Good product managers are customer-centric. They are proactive about getting away from the work environment and going directly to the customer to talk about what the customer needs. “During these talks, you’ll get a good idea of what your customers are like and what they need,” Michael Affronti writes at AlleyWatch. “Pay special attention to their challenges in order to find solutions to benefit them. The ability to deliver to customers’ needs makes you an invaluable product management asset.”
Good product managers are always learning. Instagram product manager Hemal Shah says inferior product managers are only concerned with shipping. But “good product managers focus on learning,” he writes. “Whether it’s customer interviews, shipping product or looking at user metrics, good product managers are always laser focused on what they can learn that makes an impact to customers.”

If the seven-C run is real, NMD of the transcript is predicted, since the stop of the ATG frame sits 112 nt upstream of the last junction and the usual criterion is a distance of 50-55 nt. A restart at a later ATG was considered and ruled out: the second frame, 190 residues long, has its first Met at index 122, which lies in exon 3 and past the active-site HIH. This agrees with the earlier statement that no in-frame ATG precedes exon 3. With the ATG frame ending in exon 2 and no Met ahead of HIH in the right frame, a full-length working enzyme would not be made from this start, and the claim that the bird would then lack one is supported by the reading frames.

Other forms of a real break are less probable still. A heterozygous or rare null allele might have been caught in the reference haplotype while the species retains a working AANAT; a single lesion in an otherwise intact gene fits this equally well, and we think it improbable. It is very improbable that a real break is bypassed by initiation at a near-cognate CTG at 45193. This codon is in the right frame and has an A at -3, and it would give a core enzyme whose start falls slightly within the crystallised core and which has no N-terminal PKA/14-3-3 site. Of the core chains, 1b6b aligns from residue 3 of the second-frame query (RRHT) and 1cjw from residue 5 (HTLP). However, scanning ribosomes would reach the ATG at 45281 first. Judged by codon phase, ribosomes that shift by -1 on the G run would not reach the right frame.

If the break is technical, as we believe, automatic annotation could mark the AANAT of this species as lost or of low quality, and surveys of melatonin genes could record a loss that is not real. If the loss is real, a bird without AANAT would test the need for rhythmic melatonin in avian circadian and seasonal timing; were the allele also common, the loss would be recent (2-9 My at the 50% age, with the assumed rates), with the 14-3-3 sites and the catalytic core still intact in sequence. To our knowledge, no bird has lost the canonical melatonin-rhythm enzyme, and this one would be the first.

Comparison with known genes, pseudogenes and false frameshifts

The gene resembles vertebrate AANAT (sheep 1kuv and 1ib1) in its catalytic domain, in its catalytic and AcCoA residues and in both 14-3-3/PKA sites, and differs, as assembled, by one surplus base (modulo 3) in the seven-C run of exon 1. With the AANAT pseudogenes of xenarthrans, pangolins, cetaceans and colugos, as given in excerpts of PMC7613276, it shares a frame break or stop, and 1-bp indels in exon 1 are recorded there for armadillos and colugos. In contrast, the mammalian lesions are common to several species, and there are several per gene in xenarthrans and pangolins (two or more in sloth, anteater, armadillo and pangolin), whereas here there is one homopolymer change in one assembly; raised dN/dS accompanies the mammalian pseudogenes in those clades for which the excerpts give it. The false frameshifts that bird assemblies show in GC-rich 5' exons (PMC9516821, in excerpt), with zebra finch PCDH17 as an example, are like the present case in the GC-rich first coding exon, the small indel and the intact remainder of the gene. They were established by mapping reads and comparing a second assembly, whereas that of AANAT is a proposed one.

A Product Manager Needs to Set Appropriate Boundaries With the Executive Team
Julia Austin, a senior lecturer at Harvard Business School, says that from company to company, the relationship is different between product managers and the C-suite.
In some companies, she notes, the CEO or the CTO might be the de facto head of product, and the product manager takes on a supporting role.
“This can be great fun for some [product managers] who enjoy partnering with founders and C-level executives and collaborating on the product evolution. But for other [product managers], it can be very frustrating if they prefer to take more ownership of the product direction. It can also be challenging if the more technical founders or C-levels prefer working directly with engineers.”